In a world where many women are prompted by social expectations to transcend boundaries and rise above their female predecessors – who were at once point strictly confined to the domestic sphere, it seems moms, with these new social expectations, have even greater standards to try to meet and adhere to. In the journey of conforming to fit in, we ask ourselves this: are we indeed able to feel satisfied with ourselves as people without trying to balance “it all” (doing well in both domestic and professional life)? Do we require external validation to feel adequate? Where do we draw the line? How can we become better at being our true selves, while also caring about our families and external interests?
Upon becoming a new mom, I know these questions were underlying my everyday existence, but I’m not sure I was quite aware of how to articulate them, or how daunting these social pressures were, and how they were affecting my general happiness (unhappy mom=unhappy kids=unhappy life). I couldn’t come to terms with parting with my workplace, and abandoning my career, which had been the sum of all my hard work in the past. Pre-baby, I reached a point in my life where I actually defined myself by what I did and not “who I am”. Who I was revolved around what I did and visa versa. When the realization came along of having to part from work in pursuit of my new, bigger life, I admit, I was beyond scared. I was scared of a couple of things: that I would lose relevancy in my professional life, that I would be replaced by someone better than I was, that I would fall out of my routine and that I wouldn’t be able to have the same edge I did before. Work, for me, was a bit of a competition, a challenge I was good at, and something that gave me purpose and meaning. Young women should be out conquering the workplace. That’s how I thought, and that’s still how I feel. But there is a huge trade off with this mentality. Let’s get into it.
Stopping work and starting a family seemed like a very short term thing to me at first. I would have a child, have some time off, then I would go right back to it, while balancing family and work life. Then the reality sunk in once I got the groove of parenting. If I was to be at work from 8am-5pm, work additional evenings and weekends, with only 2 weeks of paid vacation, what time would that leave me to be with my family and loved ones? Not very much. My son goes to bed at 7pm and wakes at 6:30am. The very short years of his youth would be very much missed if I had chosen to go back. Not having time with my family was a problem that seemed even graver than the one I was currently confronted with.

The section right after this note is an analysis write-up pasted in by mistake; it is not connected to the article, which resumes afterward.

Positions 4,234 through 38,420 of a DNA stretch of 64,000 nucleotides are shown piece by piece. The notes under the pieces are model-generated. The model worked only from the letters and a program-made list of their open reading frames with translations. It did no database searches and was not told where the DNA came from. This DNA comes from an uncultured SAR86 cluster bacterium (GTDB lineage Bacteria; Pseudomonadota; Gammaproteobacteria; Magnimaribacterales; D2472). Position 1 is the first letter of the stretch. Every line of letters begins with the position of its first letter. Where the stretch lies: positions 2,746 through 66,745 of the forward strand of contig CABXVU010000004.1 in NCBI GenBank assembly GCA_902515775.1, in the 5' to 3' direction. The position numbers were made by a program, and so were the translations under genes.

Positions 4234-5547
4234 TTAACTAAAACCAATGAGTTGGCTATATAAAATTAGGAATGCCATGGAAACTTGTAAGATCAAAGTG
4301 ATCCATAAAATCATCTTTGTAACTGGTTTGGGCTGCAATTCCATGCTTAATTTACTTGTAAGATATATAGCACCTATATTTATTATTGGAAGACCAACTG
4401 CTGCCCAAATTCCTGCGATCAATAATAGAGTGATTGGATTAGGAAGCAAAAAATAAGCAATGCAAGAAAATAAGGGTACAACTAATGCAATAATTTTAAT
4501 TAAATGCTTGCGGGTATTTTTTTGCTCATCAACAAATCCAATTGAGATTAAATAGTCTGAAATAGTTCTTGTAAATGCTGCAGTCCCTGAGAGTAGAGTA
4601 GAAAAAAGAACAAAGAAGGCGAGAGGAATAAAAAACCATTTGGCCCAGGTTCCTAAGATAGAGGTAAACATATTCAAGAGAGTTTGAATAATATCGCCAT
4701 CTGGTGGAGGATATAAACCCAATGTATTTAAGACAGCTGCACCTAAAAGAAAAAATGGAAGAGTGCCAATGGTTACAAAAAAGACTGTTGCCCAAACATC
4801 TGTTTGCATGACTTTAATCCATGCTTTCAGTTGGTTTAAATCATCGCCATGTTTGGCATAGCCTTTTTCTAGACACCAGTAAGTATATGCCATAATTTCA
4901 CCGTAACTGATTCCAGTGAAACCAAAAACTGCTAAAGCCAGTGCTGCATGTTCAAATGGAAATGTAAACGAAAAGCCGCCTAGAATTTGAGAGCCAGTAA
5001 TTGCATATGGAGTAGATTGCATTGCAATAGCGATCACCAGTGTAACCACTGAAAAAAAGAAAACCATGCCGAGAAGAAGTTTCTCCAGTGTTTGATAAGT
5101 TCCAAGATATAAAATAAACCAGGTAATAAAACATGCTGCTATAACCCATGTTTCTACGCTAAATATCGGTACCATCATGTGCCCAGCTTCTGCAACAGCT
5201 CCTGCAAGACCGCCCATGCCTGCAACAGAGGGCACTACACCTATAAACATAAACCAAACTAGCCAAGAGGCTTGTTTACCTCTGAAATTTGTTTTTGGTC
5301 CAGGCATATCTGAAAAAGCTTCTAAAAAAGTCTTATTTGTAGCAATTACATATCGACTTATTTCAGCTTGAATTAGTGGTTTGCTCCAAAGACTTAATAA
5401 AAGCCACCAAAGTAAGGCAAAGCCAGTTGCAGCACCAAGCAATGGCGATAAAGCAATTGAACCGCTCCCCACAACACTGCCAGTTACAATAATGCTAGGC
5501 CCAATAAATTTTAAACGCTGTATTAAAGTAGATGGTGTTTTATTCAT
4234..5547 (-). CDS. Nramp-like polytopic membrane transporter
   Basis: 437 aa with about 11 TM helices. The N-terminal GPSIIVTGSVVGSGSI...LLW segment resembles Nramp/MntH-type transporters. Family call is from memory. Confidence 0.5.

At this point, perhaps you’re thinking, what type of mom wouldn’t take the option to stay home with her kids? To me, this was obvious. It is obvious there are so many people out there who don’t have the option. Who are single parents. Who have to work a number of jobs to make ends meet. Those parents are likely very envious of a mom who gets to spend her days and nights raising her own child. But, I have to admit, this choice was not easy for me. It was extremely hard. I know I made the right decision to stay home with my son, but I still do feel a sense of irrelevancy, of not meeting the expectations of my family or former mentors who thought I would have been breaking through some sort of barriers in the professional sphere.
So, how do I come to terms with my situation? With each day that passes, I think: in this short time that my son and I will get together before he heads off to school, what can we do to ensure he has the best experience possible? What can I do to ensure I feel a sense of fulfillment while using skills I have, to eliminate fears of losing my skills? We plan our days with adventure and education, and I try to plan time for myself to work on my (very part-time) business as a doula and blogging. I, as many moms, still struggle with the thought of being judged by other people who may have their own opinions of being a “stay-at-home-mom”, former-professional. If the fear itself wasn’t enough, try being approached my someone you used to work with, stating sarcastically, “oh you’re so busy. Being a mom is hard,” as if I missed the mark on what most moms do – work and mom at the same time. I’m learning to shrug it off and continue to remind myself of the obvious: I am extremely blessed with a healthy family, and I have been blessed with the time needed to create memories. I also remind myself that despite not growing “professionally” by climbing any corporate ladder, I do recognize that I am growing as a person who is building a tremendous capacity to lead without wavering, to stay strong without faltering, and who’s developed a passion for people, families and kids.